California devotes special attention to low-income students with the new Local Control Funding Formula (LCFF) so they have the resources they need to learn. Now the issue is getting the students to go to school.

Truancy is a serious problem in Californiabecause of both what is known and what is unknown.

A recent report by California Attorney General Kamala Harris indicates that chronic truancy is greater among African-Americans and low-income students, representing a major economic lossfor school districts—it cost the Los Angeles Unified School Districtmore than $151 million between 2012 and 2013. Most cases occur in the early grades of elementary schooland close to a quarter million students missed 10% or more of the 2013-14 school year.

All this is serious, but it may be even worse, because one of every 10 school districts reported not knowing their level of truancy, while California is one of only four states in the entire country without a state system for tracking school attendance.

Not having such a system will make it hard to implement the LCFF, which requires monitoring the neediest school population, the target of the new formula.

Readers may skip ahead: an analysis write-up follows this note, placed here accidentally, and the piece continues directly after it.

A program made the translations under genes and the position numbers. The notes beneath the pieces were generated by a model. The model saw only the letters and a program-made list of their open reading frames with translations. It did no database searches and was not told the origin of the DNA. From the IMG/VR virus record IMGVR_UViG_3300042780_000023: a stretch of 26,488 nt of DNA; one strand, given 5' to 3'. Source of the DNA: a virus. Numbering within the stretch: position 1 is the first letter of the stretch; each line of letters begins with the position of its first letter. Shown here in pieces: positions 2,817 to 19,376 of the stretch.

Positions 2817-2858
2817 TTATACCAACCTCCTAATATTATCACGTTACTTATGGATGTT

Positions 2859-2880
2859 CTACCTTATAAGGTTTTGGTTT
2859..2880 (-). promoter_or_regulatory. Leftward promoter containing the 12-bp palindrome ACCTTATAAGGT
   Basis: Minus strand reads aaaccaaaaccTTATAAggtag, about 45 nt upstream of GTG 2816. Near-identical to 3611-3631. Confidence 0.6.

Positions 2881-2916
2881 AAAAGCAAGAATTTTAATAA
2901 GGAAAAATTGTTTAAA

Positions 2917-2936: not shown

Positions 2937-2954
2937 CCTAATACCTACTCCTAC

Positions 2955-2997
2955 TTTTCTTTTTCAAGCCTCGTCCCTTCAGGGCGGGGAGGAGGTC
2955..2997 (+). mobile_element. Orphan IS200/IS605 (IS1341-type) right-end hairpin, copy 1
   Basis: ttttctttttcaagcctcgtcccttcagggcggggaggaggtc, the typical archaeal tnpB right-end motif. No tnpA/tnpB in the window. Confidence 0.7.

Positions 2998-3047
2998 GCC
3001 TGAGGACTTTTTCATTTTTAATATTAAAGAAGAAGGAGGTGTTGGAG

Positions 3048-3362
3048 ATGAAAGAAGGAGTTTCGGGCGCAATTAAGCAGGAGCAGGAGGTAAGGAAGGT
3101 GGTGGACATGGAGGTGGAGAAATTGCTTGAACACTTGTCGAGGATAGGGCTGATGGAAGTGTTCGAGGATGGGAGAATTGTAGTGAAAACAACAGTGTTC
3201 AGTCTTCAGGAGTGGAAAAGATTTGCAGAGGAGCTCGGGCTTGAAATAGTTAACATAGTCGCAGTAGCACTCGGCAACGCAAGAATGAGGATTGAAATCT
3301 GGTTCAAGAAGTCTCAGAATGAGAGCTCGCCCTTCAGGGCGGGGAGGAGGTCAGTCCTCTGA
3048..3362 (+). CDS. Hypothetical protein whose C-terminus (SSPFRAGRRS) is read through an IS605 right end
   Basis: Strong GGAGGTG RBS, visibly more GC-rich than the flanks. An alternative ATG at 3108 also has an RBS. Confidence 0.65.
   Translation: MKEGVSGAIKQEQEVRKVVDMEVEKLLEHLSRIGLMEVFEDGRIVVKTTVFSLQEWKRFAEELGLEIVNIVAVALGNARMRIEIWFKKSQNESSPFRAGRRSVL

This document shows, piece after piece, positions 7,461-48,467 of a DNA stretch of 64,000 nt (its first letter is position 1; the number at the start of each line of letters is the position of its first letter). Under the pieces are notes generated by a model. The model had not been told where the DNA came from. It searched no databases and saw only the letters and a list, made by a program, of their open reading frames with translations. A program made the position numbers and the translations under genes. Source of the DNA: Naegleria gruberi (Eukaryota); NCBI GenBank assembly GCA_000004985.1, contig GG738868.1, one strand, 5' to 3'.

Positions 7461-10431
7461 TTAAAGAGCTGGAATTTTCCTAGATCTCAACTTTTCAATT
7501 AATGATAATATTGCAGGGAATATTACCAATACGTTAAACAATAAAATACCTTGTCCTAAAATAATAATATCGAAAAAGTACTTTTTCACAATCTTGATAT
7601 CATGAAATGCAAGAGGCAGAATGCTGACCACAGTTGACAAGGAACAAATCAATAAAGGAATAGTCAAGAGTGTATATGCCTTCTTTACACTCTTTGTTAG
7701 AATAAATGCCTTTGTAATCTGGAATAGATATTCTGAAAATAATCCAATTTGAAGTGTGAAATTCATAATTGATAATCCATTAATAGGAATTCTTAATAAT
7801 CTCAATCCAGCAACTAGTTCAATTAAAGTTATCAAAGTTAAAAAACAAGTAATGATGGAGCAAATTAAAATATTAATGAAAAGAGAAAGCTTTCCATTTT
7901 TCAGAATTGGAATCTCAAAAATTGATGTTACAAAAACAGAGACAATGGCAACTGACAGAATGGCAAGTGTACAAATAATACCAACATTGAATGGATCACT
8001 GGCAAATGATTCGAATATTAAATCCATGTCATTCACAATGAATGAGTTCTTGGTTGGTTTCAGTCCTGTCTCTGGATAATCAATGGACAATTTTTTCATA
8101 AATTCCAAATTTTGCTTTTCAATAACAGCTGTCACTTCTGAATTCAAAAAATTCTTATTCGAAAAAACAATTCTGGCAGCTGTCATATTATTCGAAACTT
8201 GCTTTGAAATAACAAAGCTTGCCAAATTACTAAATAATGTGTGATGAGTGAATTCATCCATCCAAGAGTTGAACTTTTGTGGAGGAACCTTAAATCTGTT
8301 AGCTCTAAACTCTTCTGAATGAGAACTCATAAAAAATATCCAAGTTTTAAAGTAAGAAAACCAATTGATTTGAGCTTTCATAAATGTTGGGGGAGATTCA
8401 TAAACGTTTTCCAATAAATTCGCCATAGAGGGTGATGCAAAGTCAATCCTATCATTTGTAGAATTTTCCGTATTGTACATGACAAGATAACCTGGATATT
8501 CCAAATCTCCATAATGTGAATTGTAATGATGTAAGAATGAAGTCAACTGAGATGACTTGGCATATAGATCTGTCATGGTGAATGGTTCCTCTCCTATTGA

There are several legislative bills that help resolve this obstacle, such as AB 1866 sponsored by assembly member Raúl Bocanegra, which is awaiting signature by Governor Jerry Brown. This measure is part of a package of laws promoted by Harris.

School absenteeism, especially at the start of elementary school, has harmful consequences, as it sets the tone and school routine that students follow in the future. The impact on a young person of not going to school can make the difference between a productive life and one in prison.

The purpose of the LCFF is to serve the school population facing the most difficulties, such as English-learners. To be successful, it must have the elements necessary to combat problems like truancy.